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Between 2001 and 2008, the incidence of treated end-stage kidney disease (ESKD) among people with diabetes increased from 16 to 18 per 10,000 people.

The incidence of treated ESKD between 2001 and 2004–05 increased among Aboriginal and Torres Strait Islander Australians with diabetes.

The incidence of treated ESKD among Aboriginal and Torres Strait Islanders with diabetes is around 6 times as high as among non-Indigenous Australians with diabetes.

Why is this an important indicator for diabetes?

Diabetes is the most common cause of ESKD in Australia (McDonald et al. 2008). The purpose of this indicator is to monitor the trend in new cases of treated end-stage kidney disease (ESKD) among people with diabetes.

ESKD is a chronic disease in which the kidneys fail over time. People with ESKD require dialysis or kidney transplant to survive. Severe kidney damage can lead to ESKD (AIHW 2008). People with diabetes have a greater risk from kidney damage if they do not manage their blood glucose well. This risk also rises with high blood pressure and smoking.

This indicator shows trends in the incidence of treated end-stage kidney disease (ESKD) among people with diabetes in:

  • the general population
  • Aboriginal and Torres Strait Islander people, and
  • non-Indigenous people.

What are the results?

General population

  • In 2008, there were 1,109 new cases of treated ESKD amongst people with diabetes, equating to 0.1% of Australians with diabetes.

Between 2001 and 2008:

  • There was a general rise in the incidence of treated ESKD amongst people with diabetes: from 15.8 in 2001 to 17.9 in 2005 per 10,000 people with diabetes (Figure 1). This rate then remained stable at 17.8 per 10,000 people in 2008.
  • Males with diabetes had consistently higher incidence rates of treated ESKD compared to females with diabetes.

Figure 1: Rate of incident treated ESKD among people with diabetes, 2001 to 2008

Stacked line chart showing for males, persons, females; ESKD cases per 10,000 people on the y axis; year 2001, 2005, 2008 on the x axis.

Note: Directly age-standardised to the 2001 ABS NHS diabetes population.

Source: AIHW analysis of ANZDATA dataset; AIHW analysis of ABS NHS 2001, 2004–05 and 2007–08 (reissue).

Aboriginal and Torres Strait Islander population

In 2005, there were 171 (0.6%) new cases of ESKD among Aboriginal and/or Torres Strait Islander people with diabetes.

Between 2001 and 2005, the age-standardised incidence of treated ESKD amongst people with diabetes:

  • increased from 56.4 to 59.6 per 10,000 among Aboriginal and Torres Strait Islander Australians and from 9.0 to 10.3 per 10,000 among non-Indigenous Australians.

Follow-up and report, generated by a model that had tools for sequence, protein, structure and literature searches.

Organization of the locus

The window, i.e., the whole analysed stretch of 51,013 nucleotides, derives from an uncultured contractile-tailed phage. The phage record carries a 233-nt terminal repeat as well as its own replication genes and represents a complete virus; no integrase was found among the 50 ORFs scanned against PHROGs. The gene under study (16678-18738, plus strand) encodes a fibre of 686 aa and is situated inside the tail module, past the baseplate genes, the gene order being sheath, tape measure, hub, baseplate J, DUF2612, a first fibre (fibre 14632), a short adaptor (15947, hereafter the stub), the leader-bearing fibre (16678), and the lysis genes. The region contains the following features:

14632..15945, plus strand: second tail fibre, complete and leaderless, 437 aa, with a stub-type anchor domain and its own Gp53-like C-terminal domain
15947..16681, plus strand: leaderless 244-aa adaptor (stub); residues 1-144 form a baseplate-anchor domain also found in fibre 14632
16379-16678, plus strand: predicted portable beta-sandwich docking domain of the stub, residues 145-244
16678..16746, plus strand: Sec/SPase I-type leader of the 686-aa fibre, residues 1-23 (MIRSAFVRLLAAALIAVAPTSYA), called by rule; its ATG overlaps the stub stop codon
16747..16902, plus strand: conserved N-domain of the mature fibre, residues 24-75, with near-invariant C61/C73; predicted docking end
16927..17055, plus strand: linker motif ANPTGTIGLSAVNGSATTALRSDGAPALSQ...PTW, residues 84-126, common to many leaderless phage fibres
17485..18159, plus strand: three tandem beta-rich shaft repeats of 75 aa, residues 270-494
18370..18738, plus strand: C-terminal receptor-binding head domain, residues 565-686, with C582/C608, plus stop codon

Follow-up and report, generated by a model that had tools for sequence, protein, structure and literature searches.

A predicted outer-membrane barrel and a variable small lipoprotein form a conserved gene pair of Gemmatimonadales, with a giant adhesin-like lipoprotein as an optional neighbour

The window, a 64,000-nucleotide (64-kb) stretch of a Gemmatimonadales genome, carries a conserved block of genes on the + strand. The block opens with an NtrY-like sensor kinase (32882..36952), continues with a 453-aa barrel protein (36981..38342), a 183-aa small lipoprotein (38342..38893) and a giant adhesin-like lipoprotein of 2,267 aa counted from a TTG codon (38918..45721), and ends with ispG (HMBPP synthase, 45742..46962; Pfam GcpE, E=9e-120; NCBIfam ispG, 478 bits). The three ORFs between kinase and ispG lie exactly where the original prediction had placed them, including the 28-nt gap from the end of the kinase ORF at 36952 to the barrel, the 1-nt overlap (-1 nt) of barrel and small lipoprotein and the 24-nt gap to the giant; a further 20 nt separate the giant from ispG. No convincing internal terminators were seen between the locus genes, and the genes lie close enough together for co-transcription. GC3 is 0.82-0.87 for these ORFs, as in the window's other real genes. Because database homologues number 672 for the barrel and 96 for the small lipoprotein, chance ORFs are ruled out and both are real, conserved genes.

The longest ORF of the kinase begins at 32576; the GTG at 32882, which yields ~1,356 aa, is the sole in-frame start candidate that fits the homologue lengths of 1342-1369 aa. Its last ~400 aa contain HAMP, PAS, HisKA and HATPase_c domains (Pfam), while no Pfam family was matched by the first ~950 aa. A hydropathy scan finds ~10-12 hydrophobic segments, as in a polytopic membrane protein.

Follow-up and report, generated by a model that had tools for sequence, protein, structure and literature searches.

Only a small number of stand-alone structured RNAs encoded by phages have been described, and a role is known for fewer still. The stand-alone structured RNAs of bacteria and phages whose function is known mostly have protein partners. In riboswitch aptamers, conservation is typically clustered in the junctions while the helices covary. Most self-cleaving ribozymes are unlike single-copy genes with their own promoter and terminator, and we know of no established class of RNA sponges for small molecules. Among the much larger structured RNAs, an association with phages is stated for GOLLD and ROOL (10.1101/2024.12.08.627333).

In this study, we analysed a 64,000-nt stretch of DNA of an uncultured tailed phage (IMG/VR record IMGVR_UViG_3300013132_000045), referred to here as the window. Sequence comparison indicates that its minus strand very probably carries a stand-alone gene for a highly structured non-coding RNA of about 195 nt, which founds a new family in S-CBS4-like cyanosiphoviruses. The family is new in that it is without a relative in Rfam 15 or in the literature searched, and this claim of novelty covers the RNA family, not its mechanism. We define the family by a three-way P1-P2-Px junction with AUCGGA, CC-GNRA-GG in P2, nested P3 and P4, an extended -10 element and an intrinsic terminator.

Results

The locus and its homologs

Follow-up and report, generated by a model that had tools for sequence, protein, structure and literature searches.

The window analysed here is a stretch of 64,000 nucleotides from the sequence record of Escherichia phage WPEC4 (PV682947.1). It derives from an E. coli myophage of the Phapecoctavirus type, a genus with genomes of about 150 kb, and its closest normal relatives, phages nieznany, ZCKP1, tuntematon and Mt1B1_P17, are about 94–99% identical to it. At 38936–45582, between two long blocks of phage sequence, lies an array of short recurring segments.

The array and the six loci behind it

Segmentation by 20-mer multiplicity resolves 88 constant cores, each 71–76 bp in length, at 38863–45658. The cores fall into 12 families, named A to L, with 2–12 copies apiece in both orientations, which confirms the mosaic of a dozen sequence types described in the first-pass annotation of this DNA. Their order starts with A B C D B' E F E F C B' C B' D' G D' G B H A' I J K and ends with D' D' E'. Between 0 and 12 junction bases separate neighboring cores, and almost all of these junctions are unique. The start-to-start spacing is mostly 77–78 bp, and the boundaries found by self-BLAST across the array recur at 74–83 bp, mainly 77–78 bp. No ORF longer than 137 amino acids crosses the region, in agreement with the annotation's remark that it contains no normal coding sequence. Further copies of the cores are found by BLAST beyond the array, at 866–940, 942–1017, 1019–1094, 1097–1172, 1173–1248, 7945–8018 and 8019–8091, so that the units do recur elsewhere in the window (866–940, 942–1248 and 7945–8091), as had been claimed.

• was around 6 times as high among Indigenous Australians compared with non-Indigenous Australians.

What are the data sources?

The main data sources for this indicator are:

  • ANZDATA (data from all treated ESKD patients in Australia and New Zealand)
  • The 2001, 2004–05 and 2007–08 (reissue) Australian Bureau of Statistics (ABS) National Health Survey (NHS) (ABS cat. no. 4634.0)
  • The ABS National Health Survey – Indigenous Supplement (NHS–IS) 2001 (ABS cat. no. 4715.0), and
  • The ABS National Aboriginal and Torres Strait Islander Health Survey (NATSIHS) 2004–05 (ABS cat. no. 4715.0).

How is this indicator calculated?

The data in this indicator are directly age-standardised and presented as the number of new cases of treated ESKD (at first treatment) per 10,000 population with diabetes.

In each of these population groups:

  • all people
  • people who identify as Aboriginal and/or Torres Strait Islander
  • people who identify as non-Indigenous

the rates compare

  • numerator: the number of new cases of ESKD among people with diabetes (from ANZDATA), to
  • denominator: the number of people with diabetes (from NHS/NATSIHS)

Are there any data limitations?

  • Currently, data only exist for ESKD among the general population and Aboriginal and Torres Strait Islander people.
  • This indicator only counts people with diabetes who are being treated for end-stage kidney disease, by either dialysis or kidney transplant.
  • Indigenous status is self-reported as 'Australian Aboriginal' or 'Torres Strait Islander'. There is no non-response option.
  • The 2001 NHS, 2004–05 NHS, 2007–08 NHS, 2001 NHS–IS and the 2004–05 NATSIHS are surveys which rely on self-reporting for health conditions.

Definitions

Incidence is defined as the number of people who are diagnosed with a condition during a given period.

People with diabetes and ESKD include those with diagnosed Type 1 or Type 2 diabetes and treated end-stage kidney disease.

People with diabetes include those who self-reported having diabetes to the 2001, 2004–05 and 2007–08 (Reissue) NHS, 2001 NHS–IS and 2004–05 NATSIHS.

Indigenous status is self-reported.

Where can I find more information?

AIHW (Australian Institute of Health and Welfare) 2008. Diabetes: Australian facts 2008. Diabetes series no. 8. Cat. no. CVD 40. Canberra: AIHW.

AIHW 2007. National indicators for monitoring diabetes: report of the Diabetes Indicators Review Subcommittee of the National Diabetes Data Working Group. Diabetes series no. 6. Cat. no. CVD 38. Canberra: AIHW.

McDonald SP, Excell L & Livingston B 2008. Australian and New Zealand Dialysis and Transplant Registry Report 2008. Adelaide: ANZDATA.

Abbreviations

ABS
Australian Bureau of Statistics
AIHW
Australian Institute of Health and Welfare
ANZDATA
Australian and New Zealand Dialysis and Transplant Authority
ESKD
End-Stage Kidney Disease
NATSIHS
National Aboriginal and Torres Strait Islander Health Survey
NDSS
National Diabetes Services Scheme
NHS–IS
National Health Survey – Indigenous Supplement